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///2013 Abstract Details
2013 Abstract Details2019-08-02T16:57:45-05:00

Successful use of epidural analgesia for labor and delivery in a parturient with Guillain-Barre Syndrome

Abstract Number: F 63
Abstract Type: Case Report/Case Series

Dr Natesan Manimekalai MD1 ; Dr Izabela Wasiluk MD2; Charlene Williams MS3; Dr Varun Rimmalapudi MD4; Dr Anita Vinjirayer MD5

Introduction:

Guillain-Barre Syndrome (GBS) is an acute demyelinating polyneuropathy manifesting with progressive motor weakness and ascending paralysis. Due to the rarity of GBS during pregnancy, there are no established guidelines for the use of regional anesthesia and analgesia for labor or Caesarean delivery. We report a successful use of labor epidural analgesia in a parturient with resolving GBS without worsening of any neurological symptoms.

Case Description & Management:

A 32 yr old G3P2 parturient, had been admitted at 28 weeks of gestation with symptoms of weakness in both lower and upper extremities, progressing to inability to walk, bilateral facial paralysis, difficulty in swallowing and fecal & urinary incontinence. The diagnosis of GBS was confirmed by CSF analysis and nerve conduction studies showed mixed axonal and demyelinating neuropathy. She was transferred to ICU and treated with IV-Immunoglobulin. The patient’s symptoms slowly improved and she was discharged home on day 28 with some residual weakness. In her 37th week of gestation, she was admitted to L&D in labor with residual numbness and tingling sensation in both feet and facial paresis. A decision was made to place labor epidural, which proceeded without complication and patient delivered a healthy female baby without worsening or relapse of any neurological symptom or autonomic instability. She was discharged home on the 3rd post-partum day.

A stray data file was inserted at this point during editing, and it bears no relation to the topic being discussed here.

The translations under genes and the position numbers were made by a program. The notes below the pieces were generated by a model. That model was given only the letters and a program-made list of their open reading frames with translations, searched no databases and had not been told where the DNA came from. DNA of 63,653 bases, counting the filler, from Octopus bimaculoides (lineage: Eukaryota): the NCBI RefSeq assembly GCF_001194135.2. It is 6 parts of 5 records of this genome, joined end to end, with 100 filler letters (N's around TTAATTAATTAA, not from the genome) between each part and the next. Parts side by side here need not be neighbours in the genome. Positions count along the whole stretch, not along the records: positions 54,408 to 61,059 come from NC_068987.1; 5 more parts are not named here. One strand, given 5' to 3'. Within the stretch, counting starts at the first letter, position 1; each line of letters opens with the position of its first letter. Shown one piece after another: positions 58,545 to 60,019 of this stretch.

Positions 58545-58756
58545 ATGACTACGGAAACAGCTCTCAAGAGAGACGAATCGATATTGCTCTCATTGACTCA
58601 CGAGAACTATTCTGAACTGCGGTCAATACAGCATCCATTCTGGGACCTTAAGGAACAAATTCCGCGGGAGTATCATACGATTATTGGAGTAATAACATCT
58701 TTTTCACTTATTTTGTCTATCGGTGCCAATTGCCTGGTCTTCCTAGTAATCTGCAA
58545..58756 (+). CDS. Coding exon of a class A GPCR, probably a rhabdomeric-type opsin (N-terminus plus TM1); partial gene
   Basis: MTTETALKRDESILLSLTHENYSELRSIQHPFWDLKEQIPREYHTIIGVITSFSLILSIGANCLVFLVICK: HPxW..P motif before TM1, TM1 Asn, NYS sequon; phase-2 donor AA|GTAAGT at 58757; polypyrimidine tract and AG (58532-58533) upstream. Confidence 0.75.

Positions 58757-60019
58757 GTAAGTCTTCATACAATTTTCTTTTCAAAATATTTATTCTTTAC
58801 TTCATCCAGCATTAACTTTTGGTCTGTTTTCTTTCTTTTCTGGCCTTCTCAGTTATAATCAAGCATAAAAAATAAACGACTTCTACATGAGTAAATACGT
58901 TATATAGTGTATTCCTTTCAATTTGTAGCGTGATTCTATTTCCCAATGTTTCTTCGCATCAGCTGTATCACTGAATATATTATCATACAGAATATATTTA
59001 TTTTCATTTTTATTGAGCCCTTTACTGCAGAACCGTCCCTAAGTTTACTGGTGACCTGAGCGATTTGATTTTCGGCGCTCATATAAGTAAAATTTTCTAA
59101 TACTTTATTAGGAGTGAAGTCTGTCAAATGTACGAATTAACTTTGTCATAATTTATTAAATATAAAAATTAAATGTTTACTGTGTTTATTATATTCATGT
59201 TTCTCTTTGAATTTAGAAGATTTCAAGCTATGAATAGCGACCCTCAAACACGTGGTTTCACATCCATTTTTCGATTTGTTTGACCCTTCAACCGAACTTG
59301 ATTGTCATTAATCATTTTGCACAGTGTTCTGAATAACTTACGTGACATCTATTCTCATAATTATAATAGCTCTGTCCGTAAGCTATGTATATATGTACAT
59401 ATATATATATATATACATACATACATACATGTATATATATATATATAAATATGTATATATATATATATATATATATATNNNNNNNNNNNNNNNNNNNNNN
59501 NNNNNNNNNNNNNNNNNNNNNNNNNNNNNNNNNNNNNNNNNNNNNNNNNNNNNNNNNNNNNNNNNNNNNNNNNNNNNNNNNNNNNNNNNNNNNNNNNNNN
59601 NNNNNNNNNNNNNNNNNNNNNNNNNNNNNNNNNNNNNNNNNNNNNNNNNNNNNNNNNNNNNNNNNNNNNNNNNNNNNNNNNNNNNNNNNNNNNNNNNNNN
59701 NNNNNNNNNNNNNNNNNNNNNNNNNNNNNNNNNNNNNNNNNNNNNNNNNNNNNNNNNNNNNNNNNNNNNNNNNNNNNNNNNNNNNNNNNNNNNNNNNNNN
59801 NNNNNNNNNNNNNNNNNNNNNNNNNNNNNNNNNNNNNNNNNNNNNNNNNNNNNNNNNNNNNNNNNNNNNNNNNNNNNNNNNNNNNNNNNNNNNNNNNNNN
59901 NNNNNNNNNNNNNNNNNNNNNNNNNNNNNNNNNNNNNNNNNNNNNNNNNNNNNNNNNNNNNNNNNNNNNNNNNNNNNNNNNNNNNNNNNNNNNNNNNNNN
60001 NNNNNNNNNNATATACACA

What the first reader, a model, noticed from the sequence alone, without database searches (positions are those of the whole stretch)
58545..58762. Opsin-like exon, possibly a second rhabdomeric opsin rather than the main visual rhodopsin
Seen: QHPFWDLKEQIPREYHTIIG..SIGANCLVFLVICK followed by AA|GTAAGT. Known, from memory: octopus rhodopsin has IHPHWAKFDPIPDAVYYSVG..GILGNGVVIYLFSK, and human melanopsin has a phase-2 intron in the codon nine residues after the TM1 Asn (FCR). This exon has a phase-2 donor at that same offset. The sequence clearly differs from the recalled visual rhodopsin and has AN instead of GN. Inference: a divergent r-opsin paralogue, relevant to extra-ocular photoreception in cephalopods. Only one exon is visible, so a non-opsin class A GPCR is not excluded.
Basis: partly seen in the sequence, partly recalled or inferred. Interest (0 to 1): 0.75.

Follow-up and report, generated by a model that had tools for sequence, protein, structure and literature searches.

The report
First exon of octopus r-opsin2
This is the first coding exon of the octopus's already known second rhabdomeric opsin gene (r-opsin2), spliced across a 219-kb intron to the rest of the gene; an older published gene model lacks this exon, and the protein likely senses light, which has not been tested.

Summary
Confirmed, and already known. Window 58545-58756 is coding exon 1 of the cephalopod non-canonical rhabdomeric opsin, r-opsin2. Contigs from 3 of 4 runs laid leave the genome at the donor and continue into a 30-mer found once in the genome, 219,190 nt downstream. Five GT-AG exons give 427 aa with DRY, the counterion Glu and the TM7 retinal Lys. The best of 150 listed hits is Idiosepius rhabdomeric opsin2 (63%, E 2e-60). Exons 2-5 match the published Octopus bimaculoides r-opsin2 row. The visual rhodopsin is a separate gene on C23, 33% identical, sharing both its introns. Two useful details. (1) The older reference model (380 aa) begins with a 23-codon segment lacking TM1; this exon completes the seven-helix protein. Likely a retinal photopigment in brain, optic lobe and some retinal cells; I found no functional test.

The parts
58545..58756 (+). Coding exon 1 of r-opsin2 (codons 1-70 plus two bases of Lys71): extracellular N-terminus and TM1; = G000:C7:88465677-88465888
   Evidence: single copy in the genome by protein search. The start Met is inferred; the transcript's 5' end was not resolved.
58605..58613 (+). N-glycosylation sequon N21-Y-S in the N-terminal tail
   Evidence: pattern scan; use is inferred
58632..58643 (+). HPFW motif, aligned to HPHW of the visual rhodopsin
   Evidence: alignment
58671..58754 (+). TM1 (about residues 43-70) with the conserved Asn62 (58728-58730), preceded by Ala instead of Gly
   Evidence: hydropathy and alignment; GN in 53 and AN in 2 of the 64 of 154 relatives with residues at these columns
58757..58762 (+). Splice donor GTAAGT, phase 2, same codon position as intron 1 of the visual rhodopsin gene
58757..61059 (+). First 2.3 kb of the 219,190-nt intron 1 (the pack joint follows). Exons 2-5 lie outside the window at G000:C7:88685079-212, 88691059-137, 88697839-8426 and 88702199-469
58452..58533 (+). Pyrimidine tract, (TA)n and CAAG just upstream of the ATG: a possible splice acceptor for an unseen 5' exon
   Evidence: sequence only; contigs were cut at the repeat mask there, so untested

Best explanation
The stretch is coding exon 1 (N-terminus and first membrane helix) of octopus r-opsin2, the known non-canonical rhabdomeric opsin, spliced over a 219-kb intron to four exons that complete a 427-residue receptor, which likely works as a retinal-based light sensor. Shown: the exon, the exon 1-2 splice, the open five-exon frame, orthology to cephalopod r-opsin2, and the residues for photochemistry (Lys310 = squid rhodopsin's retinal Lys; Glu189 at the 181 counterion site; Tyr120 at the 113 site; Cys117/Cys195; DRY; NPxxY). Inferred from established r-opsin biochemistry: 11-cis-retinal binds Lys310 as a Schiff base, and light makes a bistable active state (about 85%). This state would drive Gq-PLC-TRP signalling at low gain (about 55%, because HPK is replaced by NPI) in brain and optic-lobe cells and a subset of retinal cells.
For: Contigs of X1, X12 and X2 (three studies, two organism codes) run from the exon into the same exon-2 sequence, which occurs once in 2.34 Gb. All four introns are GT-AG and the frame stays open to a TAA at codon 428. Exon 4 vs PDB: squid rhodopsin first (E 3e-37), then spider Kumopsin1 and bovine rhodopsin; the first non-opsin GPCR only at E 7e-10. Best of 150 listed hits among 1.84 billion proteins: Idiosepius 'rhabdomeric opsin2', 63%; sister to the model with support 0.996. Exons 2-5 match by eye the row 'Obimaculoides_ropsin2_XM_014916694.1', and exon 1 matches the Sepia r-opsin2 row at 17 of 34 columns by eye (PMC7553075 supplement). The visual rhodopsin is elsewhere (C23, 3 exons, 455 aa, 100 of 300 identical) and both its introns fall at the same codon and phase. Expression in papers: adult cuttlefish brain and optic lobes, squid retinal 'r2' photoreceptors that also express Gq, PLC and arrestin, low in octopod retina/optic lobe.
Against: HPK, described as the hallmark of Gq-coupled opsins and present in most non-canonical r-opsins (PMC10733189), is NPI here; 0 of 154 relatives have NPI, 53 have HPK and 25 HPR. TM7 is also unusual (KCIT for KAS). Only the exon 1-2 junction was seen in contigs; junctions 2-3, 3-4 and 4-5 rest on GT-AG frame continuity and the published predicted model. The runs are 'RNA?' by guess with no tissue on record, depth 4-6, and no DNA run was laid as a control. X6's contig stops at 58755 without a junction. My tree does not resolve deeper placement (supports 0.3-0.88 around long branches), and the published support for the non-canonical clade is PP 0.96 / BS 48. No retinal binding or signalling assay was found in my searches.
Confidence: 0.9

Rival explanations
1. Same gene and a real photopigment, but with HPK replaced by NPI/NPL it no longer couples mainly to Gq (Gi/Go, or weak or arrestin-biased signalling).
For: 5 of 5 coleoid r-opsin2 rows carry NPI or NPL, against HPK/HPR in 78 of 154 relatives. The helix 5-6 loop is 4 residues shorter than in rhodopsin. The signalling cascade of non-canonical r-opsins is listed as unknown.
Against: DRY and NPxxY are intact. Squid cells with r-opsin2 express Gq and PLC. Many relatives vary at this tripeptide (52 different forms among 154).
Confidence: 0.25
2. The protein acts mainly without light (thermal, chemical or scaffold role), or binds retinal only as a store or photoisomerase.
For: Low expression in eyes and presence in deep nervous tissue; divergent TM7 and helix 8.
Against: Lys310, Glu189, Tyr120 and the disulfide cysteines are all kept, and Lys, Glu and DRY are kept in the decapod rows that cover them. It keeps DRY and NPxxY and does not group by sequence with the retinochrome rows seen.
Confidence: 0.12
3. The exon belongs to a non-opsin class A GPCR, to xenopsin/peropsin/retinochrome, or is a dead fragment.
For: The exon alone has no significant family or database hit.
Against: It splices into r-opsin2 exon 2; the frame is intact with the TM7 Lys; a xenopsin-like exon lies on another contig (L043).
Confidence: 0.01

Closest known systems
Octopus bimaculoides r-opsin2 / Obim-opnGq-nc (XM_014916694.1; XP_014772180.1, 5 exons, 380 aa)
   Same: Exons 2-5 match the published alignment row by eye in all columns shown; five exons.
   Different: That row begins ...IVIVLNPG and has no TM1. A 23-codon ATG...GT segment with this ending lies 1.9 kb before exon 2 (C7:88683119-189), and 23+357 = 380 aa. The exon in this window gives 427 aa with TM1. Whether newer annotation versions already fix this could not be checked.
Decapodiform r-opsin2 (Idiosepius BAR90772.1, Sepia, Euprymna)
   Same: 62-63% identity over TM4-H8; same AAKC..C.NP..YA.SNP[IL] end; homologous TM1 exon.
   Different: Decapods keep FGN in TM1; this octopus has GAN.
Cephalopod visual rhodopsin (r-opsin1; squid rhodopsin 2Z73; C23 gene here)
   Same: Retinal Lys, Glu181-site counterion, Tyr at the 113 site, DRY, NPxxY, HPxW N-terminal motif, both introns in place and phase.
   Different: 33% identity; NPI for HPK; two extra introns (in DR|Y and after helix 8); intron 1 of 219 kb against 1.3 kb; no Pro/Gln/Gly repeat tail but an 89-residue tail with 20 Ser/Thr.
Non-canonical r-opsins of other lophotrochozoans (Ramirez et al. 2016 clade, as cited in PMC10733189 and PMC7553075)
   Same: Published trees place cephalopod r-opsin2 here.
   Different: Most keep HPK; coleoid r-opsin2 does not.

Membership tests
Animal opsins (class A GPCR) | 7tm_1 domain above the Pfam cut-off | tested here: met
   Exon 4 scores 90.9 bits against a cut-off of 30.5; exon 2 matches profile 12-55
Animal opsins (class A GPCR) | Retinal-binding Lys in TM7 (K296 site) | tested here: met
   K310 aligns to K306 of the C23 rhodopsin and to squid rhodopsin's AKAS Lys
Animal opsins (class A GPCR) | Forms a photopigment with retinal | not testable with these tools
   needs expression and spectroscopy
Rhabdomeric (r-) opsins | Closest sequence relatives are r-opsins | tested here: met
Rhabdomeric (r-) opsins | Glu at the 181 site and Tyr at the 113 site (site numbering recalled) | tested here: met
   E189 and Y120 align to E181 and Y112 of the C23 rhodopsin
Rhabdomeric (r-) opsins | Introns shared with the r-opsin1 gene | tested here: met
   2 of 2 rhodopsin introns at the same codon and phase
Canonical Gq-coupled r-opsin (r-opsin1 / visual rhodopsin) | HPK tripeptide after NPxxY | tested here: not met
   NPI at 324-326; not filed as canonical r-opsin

Discussion:

Generally, it is perceived that patients with pre-existing neurologic disease may be at increased risk of subsequent neurologic injury and worsening of symptoms from neuraxial anesthesia and analgesia and are often denied epidural analgesia. Both epidural and spinal anesthesia and analgesia have been used successfully in a few cases with active or resolving GBS, though one case of worsening of neurologic symptoms after labor epidural anesthesia in a Guillain-Barre patient has been reported [1, 2]. Our patient did not have any new or deterioration of any existing neurological symptoms following epidural analgesia.

Conclusion:

Since controversies exist in the use of regional anesthesia and analgesia in patients with active or resolving GBS, we believe that our experience of successful use of labor epidural in this parturient with resolving GBS without worsening of any neurological symptoms will add valuable information in literature for future reference.

References

1. Kocabas S, Karaman S, Firat V, Bademkiran F. Anesthetic management of Guillain-Barre syndrome in

pregnancy. J Clin Anesth. 2007 Jun; 19(4):299-302

2. Wiertlewski S, Magot A, Drapier S, Malinovsky JM, Pereon Y. Worsening of neurologic symptoms

after epidural anesthesia for labor in a Guillain-Barré patient. Anesth Analg 2004; 98:825-7

SOAP 2013